Can Smoking Affect Your Ability to Conceive?

There are many awareness campaigns designed to urge people to quit smoking.  Some of these messages attempt to educate smokers about the many dangers smoking can have on your health or the health of your unborn child, but did you know that if you smoke, it can affect your ability to even have a baby?

There have been multiple studies to support the theory that smoking has an adverse effect on fertility. Research has found that the prevalence of infertility is higher, and the time it takes to conceive is longer in smokers as compared to nonsmokers. It has also been proven that smoking can affect every stage of the reproductive process in both sexes because the chemicals in cigarettes can cause damage to both male sperm and female eggs.

In women, smoking can lead to many fertility problems, including:

  • Problems with the fallopian tubes, including blockages (preventing egg and sperm from meeting) and an increased risk of ectopic pregnancy.
  • Damage to the eggs as they develop in the ovaries.
  • Increased risk of miscarriage, possibly due to damaged eggs, damage to the developing fetus, or unfavorable changes in the uterine lining, which may make healthy implantation of an embryo less likely.

In addition, smoking can cause a woman’s eggs to age prematurely, leading to an earlier onset of menopause and a shorter window to conceive.

But men should be equally concerned about how smoking can affect their chances of conceiving a child. Studies have concluded that smoking affects sperm in a variety of ways, including:

  • Concentration, which refers to the number of sperm found in a measured quantity of semen. Studies have shown a 23 percent decrease in sperm concentration in men who smoke.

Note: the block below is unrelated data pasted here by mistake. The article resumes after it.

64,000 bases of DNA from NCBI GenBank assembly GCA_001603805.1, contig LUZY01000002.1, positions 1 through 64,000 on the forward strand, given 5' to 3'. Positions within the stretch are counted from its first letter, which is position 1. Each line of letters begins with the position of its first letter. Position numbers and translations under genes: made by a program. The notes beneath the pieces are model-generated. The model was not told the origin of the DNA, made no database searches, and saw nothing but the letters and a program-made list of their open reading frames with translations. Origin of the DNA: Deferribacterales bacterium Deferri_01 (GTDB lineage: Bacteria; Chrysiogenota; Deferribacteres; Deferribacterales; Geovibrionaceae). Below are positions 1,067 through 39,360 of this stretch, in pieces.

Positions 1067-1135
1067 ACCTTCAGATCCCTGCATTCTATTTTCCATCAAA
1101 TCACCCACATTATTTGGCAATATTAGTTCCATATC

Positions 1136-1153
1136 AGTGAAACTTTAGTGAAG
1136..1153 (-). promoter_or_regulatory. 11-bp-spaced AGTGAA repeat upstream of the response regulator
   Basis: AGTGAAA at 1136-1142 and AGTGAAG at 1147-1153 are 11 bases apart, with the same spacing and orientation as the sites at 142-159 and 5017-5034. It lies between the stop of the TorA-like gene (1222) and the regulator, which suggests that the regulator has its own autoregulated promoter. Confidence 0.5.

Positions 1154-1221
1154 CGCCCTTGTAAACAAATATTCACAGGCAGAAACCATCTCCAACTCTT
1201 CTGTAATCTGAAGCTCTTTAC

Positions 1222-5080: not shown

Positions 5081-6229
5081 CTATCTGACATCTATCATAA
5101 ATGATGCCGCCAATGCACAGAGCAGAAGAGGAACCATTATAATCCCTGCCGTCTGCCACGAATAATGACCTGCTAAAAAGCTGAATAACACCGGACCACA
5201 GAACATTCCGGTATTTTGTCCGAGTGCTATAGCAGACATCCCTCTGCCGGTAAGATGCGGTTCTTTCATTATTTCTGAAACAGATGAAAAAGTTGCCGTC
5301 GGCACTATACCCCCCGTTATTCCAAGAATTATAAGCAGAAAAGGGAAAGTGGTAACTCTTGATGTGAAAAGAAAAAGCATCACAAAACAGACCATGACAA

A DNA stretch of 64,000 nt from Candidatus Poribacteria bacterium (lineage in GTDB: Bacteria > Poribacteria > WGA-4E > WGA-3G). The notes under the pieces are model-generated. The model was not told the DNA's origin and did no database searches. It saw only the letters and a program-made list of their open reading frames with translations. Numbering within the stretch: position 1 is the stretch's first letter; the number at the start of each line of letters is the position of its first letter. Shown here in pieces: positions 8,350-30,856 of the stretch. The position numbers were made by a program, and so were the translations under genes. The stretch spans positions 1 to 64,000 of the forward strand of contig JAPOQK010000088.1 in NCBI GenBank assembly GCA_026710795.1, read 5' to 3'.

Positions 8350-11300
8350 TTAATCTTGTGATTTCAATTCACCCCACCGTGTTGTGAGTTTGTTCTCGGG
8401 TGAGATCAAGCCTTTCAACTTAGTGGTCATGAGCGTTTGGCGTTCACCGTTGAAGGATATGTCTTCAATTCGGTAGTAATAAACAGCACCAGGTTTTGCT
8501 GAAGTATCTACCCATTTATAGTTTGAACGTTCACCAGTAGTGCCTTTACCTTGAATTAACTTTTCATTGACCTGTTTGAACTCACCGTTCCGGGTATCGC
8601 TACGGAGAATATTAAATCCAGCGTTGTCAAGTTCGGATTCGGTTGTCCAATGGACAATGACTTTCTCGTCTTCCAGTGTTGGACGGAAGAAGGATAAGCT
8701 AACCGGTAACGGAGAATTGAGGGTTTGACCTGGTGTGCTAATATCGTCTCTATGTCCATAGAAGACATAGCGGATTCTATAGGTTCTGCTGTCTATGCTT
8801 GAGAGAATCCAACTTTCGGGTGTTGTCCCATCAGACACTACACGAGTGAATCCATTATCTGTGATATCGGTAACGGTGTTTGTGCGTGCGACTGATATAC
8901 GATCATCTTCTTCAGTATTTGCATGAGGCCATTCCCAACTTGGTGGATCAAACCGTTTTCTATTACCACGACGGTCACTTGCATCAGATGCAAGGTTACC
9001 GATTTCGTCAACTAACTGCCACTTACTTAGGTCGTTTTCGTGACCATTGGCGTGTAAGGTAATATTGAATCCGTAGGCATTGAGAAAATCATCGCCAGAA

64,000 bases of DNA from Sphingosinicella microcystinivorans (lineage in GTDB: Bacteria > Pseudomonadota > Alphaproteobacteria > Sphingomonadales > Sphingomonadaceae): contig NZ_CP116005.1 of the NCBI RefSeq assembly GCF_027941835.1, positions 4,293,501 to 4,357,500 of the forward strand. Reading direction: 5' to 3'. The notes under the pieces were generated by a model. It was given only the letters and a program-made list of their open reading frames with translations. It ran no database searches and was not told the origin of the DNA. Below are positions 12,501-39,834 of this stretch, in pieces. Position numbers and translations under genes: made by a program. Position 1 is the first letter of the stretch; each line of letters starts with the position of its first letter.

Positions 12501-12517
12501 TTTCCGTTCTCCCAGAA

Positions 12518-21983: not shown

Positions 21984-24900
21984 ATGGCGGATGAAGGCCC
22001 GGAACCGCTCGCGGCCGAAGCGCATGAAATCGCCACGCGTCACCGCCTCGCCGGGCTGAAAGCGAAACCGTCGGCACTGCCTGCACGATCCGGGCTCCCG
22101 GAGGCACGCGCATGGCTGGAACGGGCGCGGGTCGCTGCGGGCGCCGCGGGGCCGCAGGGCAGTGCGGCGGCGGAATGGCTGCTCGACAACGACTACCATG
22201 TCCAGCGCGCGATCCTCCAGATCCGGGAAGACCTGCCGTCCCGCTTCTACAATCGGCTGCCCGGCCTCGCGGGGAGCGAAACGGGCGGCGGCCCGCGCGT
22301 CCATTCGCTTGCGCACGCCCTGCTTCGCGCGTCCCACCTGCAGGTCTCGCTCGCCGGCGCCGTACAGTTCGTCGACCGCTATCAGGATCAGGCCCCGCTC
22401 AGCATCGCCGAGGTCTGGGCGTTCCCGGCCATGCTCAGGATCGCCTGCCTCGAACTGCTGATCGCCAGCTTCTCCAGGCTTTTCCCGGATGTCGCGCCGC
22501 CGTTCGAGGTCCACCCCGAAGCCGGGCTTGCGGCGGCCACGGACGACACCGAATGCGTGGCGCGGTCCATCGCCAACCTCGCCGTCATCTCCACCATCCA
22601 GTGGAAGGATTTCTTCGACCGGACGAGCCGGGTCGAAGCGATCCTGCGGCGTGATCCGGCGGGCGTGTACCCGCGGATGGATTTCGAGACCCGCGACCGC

• Mobility, which measures the swimming capabilities sperm. If sperm cannot swim properly, they may have trouble reaching the egg.
  • Morphology, which relates to the shape of the sperm. Non-smokers have more healthy shaped sperm, which have a better chance to fertilize an egg.
  • DNA damage, which can lead to problems with fertilization, embryo development, embryo implantation, and increased miscarriage rates.

The good news is that the damage done to both the male and female reproductive system as a result of smoking is reversible. For men, it takes approximately three months for new, healthy sperm to mature. For women, quitting smoking can improve natural fertility within less than a year.

If you want to have a baby, but you are a smoker, quit now! If you need help, Flushing Hospital Medical Center offers smoking cessation services to help you. For more information, please call 718-206-8494.

All content of this newsletter is intended for general information purposes only and is not intended or implied to be a substitute for professional medical advice, diagnosis or treatment. Please consult a medical professional before adopting any of the suggestions on this page. You must never disregard professional medical advice or delay seeking medical treatment based upon any content of this newsletter. PROMPTLY CONSULT YOUR PHYSICIAN OR CALL 911 IF YOU BELIEVE YOU HAVE A MEDICAL EMERGENCY.